We’ve all experienced it. A big storm comes into town, and suddenly it seems like no one remembers how to drive anymore.
It’s a source of much frustration for Jacksonville residents. We deal with heavy rain every summer, after all, so why is it that our drivers often act like it’s their first time seeing such a downpour?
We’ve compiled a list of a few driving mistakes we commonly see around the city during a storm, in hopes of improving traffic and even saving lives this hurricane season.
Driving with Hazard Lights On
A common, yet baffling, practice among many drivers is to turn on their hazard lights during heavy rain. Presumably, they do this out of fear that others will not be able to see their car due to the downpour. They also presumably aren’t aware of the fact that driving with your hazard lights on is illegal in the state of Florida.
Not only is it illegal, it’s also stupid and dangerous. Hazard lights are meant to be used when a vehicle is stopped, to warn of a broken-down or stopped car on the side of the road. By putting on your hazard lights, you might actually be confusing drivers who assume that the car they’re approaching must either be stopped or about to stop. Additionally, the presence of hazard lights flashing can distract from your brake lights, which means people behind you might not be able to tell that you’re stopping until it’s too late.
Slowing to a Crawl
Driving in heavy rain can be terrifying at times, and it’s perfectly understandable to drive at reduced speeds during particularly rough patches.
What is less reasonable, though, is slowing down to speeds normally found only in residential areas while on a major road such as I-95 or Butler Blvd. Unfortunately, many drivers tend to do this when the rain gets heavy.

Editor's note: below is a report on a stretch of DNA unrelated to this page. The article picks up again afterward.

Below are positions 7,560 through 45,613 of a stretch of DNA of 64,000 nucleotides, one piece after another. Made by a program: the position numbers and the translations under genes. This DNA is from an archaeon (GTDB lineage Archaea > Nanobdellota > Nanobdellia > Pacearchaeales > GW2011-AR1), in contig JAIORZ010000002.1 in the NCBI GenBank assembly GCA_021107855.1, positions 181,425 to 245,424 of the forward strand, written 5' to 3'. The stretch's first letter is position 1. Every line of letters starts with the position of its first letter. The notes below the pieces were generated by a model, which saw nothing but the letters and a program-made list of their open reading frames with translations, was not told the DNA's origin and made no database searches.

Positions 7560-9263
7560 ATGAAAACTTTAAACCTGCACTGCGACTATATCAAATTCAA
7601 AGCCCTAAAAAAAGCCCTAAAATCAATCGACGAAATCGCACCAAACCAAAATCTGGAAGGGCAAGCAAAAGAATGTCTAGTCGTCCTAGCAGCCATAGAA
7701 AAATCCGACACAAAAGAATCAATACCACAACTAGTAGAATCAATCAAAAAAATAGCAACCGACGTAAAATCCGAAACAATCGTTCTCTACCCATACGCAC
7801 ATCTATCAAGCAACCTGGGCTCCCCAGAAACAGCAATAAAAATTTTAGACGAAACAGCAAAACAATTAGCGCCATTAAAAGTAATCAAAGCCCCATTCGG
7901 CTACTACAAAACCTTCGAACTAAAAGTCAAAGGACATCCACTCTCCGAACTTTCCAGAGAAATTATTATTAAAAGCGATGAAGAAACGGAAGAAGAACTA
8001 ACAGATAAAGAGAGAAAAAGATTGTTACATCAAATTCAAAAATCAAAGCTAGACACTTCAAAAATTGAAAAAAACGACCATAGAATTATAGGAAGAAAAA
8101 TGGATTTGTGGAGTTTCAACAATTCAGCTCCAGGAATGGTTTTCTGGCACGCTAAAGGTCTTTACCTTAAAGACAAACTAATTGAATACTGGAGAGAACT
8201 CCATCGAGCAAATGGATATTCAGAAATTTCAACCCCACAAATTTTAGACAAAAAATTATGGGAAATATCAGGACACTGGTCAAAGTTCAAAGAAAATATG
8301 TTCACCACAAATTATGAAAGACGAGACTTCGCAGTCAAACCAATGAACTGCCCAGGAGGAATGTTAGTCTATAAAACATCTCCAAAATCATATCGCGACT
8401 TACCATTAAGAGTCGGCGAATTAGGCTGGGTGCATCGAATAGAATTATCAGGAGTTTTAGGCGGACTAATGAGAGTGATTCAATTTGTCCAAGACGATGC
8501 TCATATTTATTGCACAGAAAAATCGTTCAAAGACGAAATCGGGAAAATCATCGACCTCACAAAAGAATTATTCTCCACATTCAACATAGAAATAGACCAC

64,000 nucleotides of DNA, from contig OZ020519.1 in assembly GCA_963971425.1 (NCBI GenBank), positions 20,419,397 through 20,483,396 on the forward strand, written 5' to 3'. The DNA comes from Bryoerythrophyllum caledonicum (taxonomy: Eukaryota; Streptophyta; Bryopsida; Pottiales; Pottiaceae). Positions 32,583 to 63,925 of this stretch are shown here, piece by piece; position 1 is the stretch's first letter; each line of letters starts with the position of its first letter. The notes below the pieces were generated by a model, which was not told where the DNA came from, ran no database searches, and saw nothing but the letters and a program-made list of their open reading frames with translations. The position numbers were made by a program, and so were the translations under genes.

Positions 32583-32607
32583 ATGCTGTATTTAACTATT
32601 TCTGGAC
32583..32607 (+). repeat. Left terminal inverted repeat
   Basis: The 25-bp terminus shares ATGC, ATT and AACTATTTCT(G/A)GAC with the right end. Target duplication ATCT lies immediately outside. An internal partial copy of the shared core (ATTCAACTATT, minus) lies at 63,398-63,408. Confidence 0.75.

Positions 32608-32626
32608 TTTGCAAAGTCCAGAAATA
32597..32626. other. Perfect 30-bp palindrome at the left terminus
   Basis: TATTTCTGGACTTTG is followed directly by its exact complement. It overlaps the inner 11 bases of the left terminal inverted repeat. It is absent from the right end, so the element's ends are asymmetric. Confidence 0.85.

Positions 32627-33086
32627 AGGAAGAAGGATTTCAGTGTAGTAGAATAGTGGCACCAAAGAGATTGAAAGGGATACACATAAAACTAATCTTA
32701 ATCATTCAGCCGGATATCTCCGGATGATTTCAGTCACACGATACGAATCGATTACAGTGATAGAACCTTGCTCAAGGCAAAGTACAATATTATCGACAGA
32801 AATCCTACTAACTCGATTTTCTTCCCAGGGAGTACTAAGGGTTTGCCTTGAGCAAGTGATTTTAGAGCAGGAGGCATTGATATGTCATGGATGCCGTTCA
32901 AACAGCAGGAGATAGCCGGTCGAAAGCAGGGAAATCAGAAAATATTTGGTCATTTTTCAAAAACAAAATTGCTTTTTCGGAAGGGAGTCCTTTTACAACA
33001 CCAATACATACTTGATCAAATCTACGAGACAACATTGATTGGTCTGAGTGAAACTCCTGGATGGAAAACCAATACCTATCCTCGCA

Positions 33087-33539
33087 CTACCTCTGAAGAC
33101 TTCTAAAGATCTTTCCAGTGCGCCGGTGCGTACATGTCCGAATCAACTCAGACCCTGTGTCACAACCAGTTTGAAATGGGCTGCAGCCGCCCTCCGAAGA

Slowing down significantly without any warning can cause danger to drivers behind you that have no reason to expect this. It may force them to either slam on their brakes, further endangering the line of cars behind you, or to jet into another lane and risk being side-swiped.
We’re certainly not advocating traveling at a high speed during rain; that can be every bit as dangerous as slowing to a crawl. However, we do suggest that you try your best to maintain a slightly-reduced speed without overdoing it.
As mentioned, driving in heavy rain can be scary.
However, it’s extremely important to not freak out if the rain gets particularly thick. Panic rarely leads to good decisions, especially when driving.
We already mentioned that suddenly driving too slow can be dangerous. What’s even more dangerous is slamming on your brakes and stopping completely — which, unfortunately, some drivers have done in the past and caused accidents in the process.
Likewise, trying to get off the road too quickly can result in an accident if you don’t take a few seconds to make sure you won’t be cutting into another car’s path. There’s nothing wrong with getting off the road and waiting for the rain to calm down — in fact, if you don’t feel comfortable driving in those conditions, it’s the responsible decision. Just be sure to do it after taking a deep breath. Even if you’re stuck on the road, it will be okay as long as you remain alert but calm.
On the flip side, it can be just as dangerous to be too confident about driving in the rain.
Maybe you’ve lived in Jacksonville, or an equally rainy city, for many years and feel like you can handle it way better than these newbies slamming on brakes and flipping on their hazards. The reality is that even the most experienced driver makes mistakes, especially when it’s raining.
For example, trying to weave through the slowed-down cars is a poor decision due to reduced reaction times caused by low visibility. On a sunny day, the average driver can usually see someone impatient whipping around and sliding in front of them. In heavy rain, the odds of that scenario turning into a fender-bender increase dramatically.
You must also fight the temptation to release your inner speed demon just because everyone else is going so slow. You may be on an open path at the time, but traffic can back up quickly and slamming on your brakes with a wet road beneath you will send you spinning.
Yes, the drivers in Jacksonville can be frustrating, especially in bad weather. Still, it’s better to deal with it patiently and get home safe.